Conference Presentations

An Introduction to Web Load Testing

This session walks participants through the process of Web load testing. Jim Hyatt takes this opportunity to cover everything from what testing tools are available to how to plan for load testing. Get a basic understanding of what Web load testing is and how to do it correctly.

Jim Hyatt, Spherion
Three Seasons of Test Automation: A Case Study

This presentation makes the following recommendations related to automating testing: don't automate all of an application (seventy to eight percent); don't automate all applications (stable, long term); don't take a 3G approach for short term gain; if shelf life and maintenance costs are important, a 3G approach is best; insure proper roles are filled and people trained; have requirements before you start; have good access to data and test oracles; spend time in design to set the right level of granularity for the test cases and action words.

Russell Roundtree, Landmark Graphics and Mike Sowers, Software Development Technologies
STARWEST 2001: Exploratory Testing in Pairs

Exploratory testing involves simultaneous activities-learning about the program and the risks associated with it, planning and conducting tests, troubleshooting, and reporting results. This highly skilled work depends on the ability of the tester to stay focused and alert. Based on a successful pilot study, Cem Kaner and James Bach discuss why two testers can be more effective working together than apart. Explore the advantages of testing in pairs, including ongoing dialogue to keep both testers alert and focused, faster and more effective troubleshooting, and an excellent opportunity for a seasoned tester to train a novice.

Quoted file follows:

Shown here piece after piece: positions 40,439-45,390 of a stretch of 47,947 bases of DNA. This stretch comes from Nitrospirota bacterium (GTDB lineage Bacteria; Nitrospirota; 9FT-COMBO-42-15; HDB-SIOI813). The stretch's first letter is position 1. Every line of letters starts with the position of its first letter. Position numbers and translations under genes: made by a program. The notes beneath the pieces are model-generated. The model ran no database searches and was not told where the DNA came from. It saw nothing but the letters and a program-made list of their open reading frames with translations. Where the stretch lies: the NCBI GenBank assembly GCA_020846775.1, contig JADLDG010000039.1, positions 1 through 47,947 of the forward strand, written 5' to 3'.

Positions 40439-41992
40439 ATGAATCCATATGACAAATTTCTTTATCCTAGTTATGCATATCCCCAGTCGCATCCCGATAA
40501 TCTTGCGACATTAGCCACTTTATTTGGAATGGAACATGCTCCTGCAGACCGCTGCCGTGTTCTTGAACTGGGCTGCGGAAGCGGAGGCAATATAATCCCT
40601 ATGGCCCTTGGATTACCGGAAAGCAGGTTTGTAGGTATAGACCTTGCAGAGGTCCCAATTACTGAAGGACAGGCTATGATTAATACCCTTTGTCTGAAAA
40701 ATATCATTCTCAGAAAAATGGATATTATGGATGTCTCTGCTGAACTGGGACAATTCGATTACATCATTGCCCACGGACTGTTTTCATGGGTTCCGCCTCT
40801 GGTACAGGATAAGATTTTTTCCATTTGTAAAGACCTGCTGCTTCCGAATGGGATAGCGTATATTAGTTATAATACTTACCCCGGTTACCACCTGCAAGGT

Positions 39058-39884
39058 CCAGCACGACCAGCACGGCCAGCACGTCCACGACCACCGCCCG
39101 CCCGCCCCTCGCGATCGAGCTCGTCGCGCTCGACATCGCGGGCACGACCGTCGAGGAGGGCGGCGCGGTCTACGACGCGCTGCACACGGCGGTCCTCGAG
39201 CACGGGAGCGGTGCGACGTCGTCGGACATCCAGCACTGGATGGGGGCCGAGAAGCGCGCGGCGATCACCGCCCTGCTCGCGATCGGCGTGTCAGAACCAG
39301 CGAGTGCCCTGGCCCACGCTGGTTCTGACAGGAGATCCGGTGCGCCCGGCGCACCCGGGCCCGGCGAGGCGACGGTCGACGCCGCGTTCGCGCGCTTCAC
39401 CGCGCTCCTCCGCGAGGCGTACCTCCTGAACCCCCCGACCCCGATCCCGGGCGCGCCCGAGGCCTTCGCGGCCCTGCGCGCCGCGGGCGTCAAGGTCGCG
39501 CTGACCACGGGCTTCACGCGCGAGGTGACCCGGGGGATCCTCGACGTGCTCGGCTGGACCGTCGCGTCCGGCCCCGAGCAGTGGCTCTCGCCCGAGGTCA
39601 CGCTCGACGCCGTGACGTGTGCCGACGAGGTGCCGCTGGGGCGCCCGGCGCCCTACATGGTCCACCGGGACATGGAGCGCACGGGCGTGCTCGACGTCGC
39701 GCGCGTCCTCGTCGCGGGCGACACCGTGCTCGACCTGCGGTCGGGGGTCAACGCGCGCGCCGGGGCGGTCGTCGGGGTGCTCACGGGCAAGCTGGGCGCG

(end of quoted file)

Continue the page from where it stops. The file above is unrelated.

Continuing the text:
James Bach, Satisfice, Inc. and Cem Kaner, Florida Institute of Technology
Establishing Best Testing Practices in Your Organization

The path to best testing practices begins with communication. By building relationships with a product's key players-developers, analysts, and end users-your test team can achieve a higher level of both quality and customer satisfaction. Discover the link between effective communication and implementing critical step-by-step test processes such as test conditions, test case design, test data construction, and reporting.

Michelle Lynn Baldwin, Booz, Allen & Hamilton
Testing for Software Security

Software can be correct without being secure. Therefore we must be vigilant in assessing the security implications of software behavior instead of being focused on the search for specification violations. If we want to include security problems in our testing periscope, we must consider the malicious use of functionality that might be possible outside normal use of the product. The goal of this presentation is to challenge current techniques by making the testing process more attuned to, and aggressive toward, security holes.

Herbert Thompson and James Whittaker, Florida Institute of Technology
Accessibility Testing for Users with Disabilities